The P90-equipped SL60 adds some air and sparkle to the Slick line, and, in honor of our cover story, it’s also the Slick best suited for emulating some ’50s-era, Les Paul and Mary Ford jazz-pop. When played clean on the neck pickup, the gentle mids and crystal highs make for a beautiful comping instrument. There’s enough articulation to discern complex chord voicings, and enough funk to ensure your playing doesn’t sound too vanilla. Similarly, single-note lines break out clearly, but the lowmidrange frequencies keep everything warm and sunny. Call it jazz with an attitude. Cranked up, the P-90s give you a killer attack with a dimensional zing as you dig into notes—no matter which pickup position you choose—and I love the way chords sound on the SL60 when you’re punching up the overdrive. It’s like there’s a yowl and then a subtle swish, or a punch followed by a caress. Sometimes, I’ll strum a big old distorted chord and think there’s a reverb in the mix, but it’s just the snappy mids and sparkling highs adding a cinematic sheen to my dumb rock chords. Sonically speaking, the SL60 can go uptown, downtown, party with trailer trash, and hang out in juke joints and country clubs. It’s almost as much as a multitasking marvel as Mr. Earl Slick!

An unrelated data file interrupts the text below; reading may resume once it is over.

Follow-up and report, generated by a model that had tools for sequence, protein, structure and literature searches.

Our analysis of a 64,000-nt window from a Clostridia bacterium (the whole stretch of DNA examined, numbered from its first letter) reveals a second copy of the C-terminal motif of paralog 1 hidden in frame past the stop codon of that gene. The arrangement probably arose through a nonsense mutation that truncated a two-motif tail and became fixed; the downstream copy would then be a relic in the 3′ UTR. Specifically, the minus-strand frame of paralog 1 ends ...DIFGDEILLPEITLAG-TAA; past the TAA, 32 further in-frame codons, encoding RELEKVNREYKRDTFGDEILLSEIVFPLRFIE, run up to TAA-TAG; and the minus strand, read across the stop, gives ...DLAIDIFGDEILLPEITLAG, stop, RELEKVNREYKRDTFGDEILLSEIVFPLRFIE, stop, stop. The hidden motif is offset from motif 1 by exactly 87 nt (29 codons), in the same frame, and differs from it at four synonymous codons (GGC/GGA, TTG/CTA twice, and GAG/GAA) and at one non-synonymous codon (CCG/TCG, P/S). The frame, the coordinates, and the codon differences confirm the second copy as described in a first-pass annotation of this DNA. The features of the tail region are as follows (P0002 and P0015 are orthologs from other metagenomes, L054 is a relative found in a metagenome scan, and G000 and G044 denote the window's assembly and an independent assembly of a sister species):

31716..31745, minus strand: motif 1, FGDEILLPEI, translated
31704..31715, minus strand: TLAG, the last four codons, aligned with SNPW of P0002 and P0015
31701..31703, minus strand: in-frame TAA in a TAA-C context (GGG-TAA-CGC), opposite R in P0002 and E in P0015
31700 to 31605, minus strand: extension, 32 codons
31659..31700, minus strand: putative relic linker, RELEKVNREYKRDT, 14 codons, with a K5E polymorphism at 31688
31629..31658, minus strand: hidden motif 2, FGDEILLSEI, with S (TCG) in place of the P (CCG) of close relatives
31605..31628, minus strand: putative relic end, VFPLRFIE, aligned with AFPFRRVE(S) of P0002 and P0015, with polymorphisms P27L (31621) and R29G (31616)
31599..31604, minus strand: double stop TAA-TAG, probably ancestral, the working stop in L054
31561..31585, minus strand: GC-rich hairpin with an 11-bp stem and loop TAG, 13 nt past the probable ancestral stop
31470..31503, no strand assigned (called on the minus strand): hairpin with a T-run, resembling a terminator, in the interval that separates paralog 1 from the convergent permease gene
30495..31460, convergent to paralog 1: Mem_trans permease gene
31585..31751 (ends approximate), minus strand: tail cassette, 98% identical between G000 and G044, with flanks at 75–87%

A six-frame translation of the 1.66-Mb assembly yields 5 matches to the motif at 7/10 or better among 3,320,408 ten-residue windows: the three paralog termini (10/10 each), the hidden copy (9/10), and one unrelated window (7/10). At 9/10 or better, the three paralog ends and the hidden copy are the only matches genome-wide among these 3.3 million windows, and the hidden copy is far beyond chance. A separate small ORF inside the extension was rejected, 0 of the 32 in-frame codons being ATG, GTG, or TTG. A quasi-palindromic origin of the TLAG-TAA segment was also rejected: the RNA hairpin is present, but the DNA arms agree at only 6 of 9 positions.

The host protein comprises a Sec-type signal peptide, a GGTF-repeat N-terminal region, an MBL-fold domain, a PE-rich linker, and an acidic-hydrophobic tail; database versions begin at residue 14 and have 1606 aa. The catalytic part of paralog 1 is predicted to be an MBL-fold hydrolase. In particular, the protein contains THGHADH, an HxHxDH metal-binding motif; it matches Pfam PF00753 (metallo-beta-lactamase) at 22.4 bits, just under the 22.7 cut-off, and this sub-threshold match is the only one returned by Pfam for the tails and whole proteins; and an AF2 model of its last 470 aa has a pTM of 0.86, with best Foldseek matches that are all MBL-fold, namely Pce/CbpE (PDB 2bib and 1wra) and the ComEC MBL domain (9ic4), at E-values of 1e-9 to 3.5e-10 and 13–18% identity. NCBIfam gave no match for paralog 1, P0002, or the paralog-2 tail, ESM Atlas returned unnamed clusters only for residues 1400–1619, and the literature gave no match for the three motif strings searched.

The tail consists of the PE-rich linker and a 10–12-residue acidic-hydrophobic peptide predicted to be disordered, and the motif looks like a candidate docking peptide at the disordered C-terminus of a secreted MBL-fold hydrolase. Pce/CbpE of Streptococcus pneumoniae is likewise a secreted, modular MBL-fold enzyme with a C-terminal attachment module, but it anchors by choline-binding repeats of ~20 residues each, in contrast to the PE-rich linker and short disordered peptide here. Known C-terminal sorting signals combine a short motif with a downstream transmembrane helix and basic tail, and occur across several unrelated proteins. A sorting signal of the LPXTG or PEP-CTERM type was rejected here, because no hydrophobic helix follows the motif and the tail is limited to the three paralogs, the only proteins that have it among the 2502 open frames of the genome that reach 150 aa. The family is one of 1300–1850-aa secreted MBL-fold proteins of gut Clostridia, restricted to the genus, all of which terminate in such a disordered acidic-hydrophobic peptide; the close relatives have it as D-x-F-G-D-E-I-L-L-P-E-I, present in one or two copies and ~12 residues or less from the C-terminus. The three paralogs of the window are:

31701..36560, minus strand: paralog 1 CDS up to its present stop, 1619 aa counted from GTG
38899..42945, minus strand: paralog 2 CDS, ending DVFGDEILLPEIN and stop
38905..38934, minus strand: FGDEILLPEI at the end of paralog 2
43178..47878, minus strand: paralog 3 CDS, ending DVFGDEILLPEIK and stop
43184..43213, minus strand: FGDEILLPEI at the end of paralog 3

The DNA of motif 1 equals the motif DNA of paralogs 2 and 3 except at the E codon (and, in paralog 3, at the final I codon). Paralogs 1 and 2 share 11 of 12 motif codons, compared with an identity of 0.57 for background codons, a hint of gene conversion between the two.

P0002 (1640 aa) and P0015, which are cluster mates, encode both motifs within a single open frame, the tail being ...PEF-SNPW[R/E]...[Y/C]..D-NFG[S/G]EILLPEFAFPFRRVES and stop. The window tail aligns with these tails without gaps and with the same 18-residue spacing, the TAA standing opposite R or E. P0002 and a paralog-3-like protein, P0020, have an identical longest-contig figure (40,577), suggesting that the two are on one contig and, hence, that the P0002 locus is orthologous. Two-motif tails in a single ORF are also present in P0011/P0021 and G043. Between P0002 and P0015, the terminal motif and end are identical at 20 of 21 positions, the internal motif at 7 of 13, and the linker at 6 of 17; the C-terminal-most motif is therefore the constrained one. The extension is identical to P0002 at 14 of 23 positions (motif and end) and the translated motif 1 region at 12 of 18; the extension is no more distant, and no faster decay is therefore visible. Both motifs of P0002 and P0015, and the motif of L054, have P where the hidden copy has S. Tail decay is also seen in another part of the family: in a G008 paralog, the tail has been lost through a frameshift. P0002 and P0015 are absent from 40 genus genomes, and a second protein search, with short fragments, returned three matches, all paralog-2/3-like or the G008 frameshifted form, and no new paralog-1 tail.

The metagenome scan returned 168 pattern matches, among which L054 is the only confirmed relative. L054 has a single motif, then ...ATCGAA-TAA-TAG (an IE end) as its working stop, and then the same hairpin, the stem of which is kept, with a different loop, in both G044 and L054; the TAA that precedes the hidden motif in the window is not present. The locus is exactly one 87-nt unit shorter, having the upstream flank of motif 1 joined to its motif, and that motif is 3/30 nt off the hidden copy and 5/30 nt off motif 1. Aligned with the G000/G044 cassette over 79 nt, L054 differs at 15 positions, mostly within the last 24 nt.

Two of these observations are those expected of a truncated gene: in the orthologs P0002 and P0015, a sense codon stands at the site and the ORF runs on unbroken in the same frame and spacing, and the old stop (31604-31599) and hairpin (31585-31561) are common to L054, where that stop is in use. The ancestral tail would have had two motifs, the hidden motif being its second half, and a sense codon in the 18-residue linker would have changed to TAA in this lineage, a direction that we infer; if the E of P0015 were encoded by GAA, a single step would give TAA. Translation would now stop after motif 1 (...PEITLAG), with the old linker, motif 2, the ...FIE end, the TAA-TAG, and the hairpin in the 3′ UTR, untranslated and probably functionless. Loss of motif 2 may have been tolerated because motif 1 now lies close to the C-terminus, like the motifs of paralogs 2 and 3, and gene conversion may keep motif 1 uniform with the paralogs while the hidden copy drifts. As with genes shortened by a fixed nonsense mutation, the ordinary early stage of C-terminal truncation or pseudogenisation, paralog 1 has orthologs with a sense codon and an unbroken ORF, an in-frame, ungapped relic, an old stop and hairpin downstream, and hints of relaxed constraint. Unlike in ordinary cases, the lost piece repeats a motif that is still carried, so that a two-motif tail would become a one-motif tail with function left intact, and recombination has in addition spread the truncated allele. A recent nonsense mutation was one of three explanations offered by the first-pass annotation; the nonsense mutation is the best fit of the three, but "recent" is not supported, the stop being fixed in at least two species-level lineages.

MODEL

SL50
CONTACT
guitarfetish.com
PRICE $239 direct

SPECIFICATIONS

NUT 43mm, graphite
NECK 25.5" scale, Canadian hard rock maple, 12" radius
FRETBOARD Indian rosewood
FRETS 22 medium jumbo, 6105 profile
TUNERS Slick, solid brass knobs
BODY Swamp ash
BRIDGE Wraparound, raw brass
Pickups One Slick SL119 Fullerton Lead (bridge), one Slick SLP121 Fullerton (neck)
CONTROLS Master Volume, 3-way selector switch
FACTORY STRINGS D’Addario EXL110
WEIGHT 8.16 lbs
BUILT China
Kudos Super value. Great sounds. Versatile. Excellent playability.
CONCERNS Bridge can make it difficult to change strings.

MODEL

SL52
CONTACT
guitarfetish.com
PRICE $259 direct

SPECIFICATIONS

NUT 43mm, graphite
NECK 24.75" scale, Canadian hard rock maple, 12" radius
FRETBOARD Indian rosewood
FRETS 22 medium jumbo, 6105 profile